The traditions and history that Mardi Gras has accumulated in America over the last 175 years fills books. Mardi Gras jewelry can’t match that, but five unique charm bracelets with special design tell individual stories about elements of the Carnival celebration.
First, the stretch bracelets use faceted lucite beads in purple, green, and gold. These are the Mardi Gras colors with purple representing justice, green faith, and gold power. What sets these bracelets apart are charms uniquely created to give the wearer a piece of the Mardi Gras tradition.
The Mardi Gras parade is the theme of the bracelet, CB384. Four three-dimensional charms depict different parade floats with another charm showing a horseback captain. The floats are silver plated and highlighted with enamel in the Mardi Gras colors. A walking parade participant accompanies the floats with other familiar Mardi Gras themes added to the dangling charms.
Another Mardi Gras bracelet (CB387) celebrates some uniquely New Orleans traditions including Second Lining, Zulu, and the Mardi Gras Indians. One charm shows a typical Zulu rider with feather headdress. Zulu is the first parade on Mardi Gras morning, positioned ahead of Rex. Five other charms show members of a second line including one dancing with an umbrella and four different musicians with Jazz instruments. Second lining became a tradition that started with parade spectators falling in behind the parade after it passed and dancing in celebration. Some may remember Tom Benson, owner of the Saints, dancing on the field after a game with his second line umbrella. Two other charms depict Mardi Gras Indians, a tradition beginning in African American neighborhoods with walking participants wearing elaborately outfitted Indian costumes that they spent an entire year making with feathers, beading, and other exotic components. This bracelet finds roots in traditions that are uniquely New Orleans.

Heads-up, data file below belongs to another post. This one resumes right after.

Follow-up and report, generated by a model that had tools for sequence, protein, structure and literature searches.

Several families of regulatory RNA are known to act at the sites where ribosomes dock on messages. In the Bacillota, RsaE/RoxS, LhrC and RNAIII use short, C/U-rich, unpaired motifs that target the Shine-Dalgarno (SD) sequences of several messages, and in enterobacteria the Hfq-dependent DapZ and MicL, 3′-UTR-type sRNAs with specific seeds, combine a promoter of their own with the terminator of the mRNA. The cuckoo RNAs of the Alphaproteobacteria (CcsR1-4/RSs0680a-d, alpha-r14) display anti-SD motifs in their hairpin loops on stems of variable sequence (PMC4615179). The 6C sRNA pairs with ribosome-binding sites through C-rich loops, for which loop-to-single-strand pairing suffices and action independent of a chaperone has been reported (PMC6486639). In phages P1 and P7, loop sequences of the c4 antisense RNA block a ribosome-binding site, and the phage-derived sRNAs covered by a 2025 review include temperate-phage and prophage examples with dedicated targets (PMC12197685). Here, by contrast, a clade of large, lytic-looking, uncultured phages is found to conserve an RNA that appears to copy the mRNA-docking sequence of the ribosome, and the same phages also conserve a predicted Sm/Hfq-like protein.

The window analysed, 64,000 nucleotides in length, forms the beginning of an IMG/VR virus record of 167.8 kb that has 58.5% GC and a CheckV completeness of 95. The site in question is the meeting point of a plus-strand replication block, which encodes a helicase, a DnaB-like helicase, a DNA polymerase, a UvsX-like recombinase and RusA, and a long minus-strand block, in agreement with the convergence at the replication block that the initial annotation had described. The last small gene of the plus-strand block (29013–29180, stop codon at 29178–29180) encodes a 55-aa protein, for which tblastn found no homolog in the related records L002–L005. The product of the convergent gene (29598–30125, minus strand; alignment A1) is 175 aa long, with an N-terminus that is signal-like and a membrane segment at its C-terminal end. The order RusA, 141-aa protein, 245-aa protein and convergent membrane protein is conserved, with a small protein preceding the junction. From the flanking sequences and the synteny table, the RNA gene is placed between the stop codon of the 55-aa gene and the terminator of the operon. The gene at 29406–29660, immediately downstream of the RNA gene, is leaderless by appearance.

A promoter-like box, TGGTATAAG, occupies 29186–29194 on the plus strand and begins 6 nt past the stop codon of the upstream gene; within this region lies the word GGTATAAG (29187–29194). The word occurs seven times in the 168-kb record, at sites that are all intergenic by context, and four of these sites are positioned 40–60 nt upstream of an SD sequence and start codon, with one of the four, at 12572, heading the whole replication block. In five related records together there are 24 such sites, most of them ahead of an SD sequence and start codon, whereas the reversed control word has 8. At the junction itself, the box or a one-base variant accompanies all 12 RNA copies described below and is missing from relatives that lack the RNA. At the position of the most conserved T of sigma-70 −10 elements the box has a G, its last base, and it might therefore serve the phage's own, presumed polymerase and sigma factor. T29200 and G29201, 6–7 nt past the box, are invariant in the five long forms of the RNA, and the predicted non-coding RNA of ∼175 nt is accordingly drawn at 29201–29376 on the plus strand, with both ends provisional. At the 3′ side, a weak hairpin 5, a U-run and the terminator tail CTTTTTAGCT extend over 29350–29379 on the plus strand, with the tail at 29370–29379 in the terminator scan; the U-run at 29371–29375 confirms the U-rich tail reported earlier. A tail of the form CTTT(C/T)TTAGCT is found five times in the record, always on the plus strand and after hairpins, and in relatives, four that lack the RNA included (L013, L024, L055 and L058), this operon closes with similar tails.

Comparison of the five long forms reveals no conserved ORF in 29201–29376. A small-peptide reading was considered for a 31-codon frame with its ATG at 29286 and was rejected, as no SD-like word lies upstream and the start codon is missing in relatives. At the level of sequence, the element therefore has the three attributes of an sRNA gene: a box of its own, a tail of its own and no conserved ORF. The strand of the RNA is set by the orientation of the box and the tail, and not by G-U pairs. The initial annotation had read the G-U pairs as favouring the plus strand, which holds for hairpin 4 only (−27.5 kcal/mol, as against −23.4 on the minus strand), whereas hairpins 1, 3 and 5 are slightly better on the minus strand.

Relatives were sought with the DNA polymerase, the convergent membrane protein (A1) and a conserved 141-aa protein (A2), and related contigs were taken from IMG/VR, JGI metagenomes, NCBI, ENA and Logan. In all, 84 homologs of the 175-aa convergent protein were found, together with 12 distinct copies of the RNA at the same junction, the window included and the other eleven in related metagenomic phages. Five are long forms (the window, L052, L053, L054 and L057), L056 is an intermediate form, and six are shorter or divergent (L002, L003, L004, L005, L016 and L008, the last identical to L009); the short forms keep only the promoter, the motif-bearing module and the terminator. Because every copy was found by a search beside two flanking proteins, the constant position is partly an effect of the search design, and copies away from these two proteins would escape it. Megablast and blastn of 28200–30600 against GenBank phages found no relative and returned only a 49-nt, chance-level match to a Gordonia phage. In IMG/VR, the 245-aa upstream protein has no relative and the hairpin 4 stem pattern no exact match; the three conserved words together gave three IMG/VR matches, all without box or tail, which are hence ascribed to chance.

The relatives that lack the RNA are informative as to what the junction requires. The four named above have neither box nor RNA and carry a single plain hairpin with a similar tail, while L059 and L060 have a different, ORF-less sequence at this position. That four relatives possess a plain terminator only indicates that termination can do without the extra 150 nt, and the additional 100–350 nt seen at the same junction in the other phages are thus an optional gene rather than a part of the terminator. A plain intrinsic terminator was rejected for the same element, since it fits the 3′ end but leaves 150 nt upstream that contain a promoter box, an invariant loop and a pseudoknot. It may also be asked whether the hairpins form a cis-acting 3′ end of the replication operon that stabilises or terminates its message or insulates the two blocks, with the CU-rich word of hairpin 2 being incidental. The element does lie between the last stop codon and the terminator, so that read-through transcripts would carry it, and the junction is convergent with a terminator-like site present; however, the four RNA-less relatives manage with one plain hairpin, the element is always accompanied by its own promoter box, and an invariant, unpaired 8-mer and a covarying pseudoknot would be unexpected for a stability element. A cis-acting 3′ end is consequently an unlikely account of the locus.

The parades of Mardi Gras Day in New Orleans are the subject of a third charm bracelet (CB389). On Mardi Gras Day, the first parade to roll is Zulu. Zulu began in 1909 as a black parade that was a spoof of Rex. The first king wore a lard can for a crown and carried a banana stalk as scepter. The bracelet has a charm of a typical Zulu rider with wild feather headdress and a white circle around the eye and mouth, distinctively Zulu.
The next parade is Rex and the bracelet (CB388) has a king’s float, crown, court jester, band members, and Boeuf, the white bull that symbolizes the last meat before Lent begins. Before 1909, a live bull rode in the Rex parade, but today a large white bull in fiberglass takes its place. These Mardi Gras bracelets give anyone that attends parades in downtown New Orleans on Mardi Gras Day something to take home as a lifetime memento.
Masks and Mardi Gras have a close connection that goes back to the very beginning of Carnival. The abuse of masking for promiscuous and rowdy behavior brought about the dates of the Carnival season. The Church limited public masking to a period between The Feast of the Epiphany (Jan 6th) and Mardi Gras Day (the day before Ash Wednesday). Even before parades in New Orleans, Carnival Balls called bals masques were held in the City. Today A New Orleans law requires that all riders mask and the crowds of revelers don costumes and masks. So the next specially designed charm bracelet (celebrates the masks of Carnival. Epoxied charms broadcast the theme in a colorful way with three full-face masks and three feather masks. A jester, two walking parade participants, and Boeuf, the while bull from the Rex parade accompany the mask charms. This Mardi Gras bracelet lets your customers take home a wealth of Mardi Gras tradition that will be memories for a lifetime.
Finally, we have a Mardi Gras bracelet (CB619) with many of the popular themes of the Carnival season. This is Mardi Gras jewelry that is at home wherever Mardi Gras is celebrated. Silver plated charms have highlights of jewel tone epoxy in purple, gold, and green and faceted beading matches with the same three colors. Charms include jesters, masks, and a crown over block letters spelling Mardi Gras. These are three most popular themes in Mardi Gras jewelry. Add a reveler second lining and you have bracelets that are obviously for the Carnival season. Wherever the celebration takes place, this jewelry fits in so shops and event planners can include these wholesale Mardi Gras bracelets and customers can enjoy the spirit.
The rich tradition and history of Mardi Gras come alive in the charms of these Mardi Gras bracelets that have special design that tells the story in jewelry. Best of all, these Mardi Gras bracelets have price points that let everyone enjoy the story of Carnival.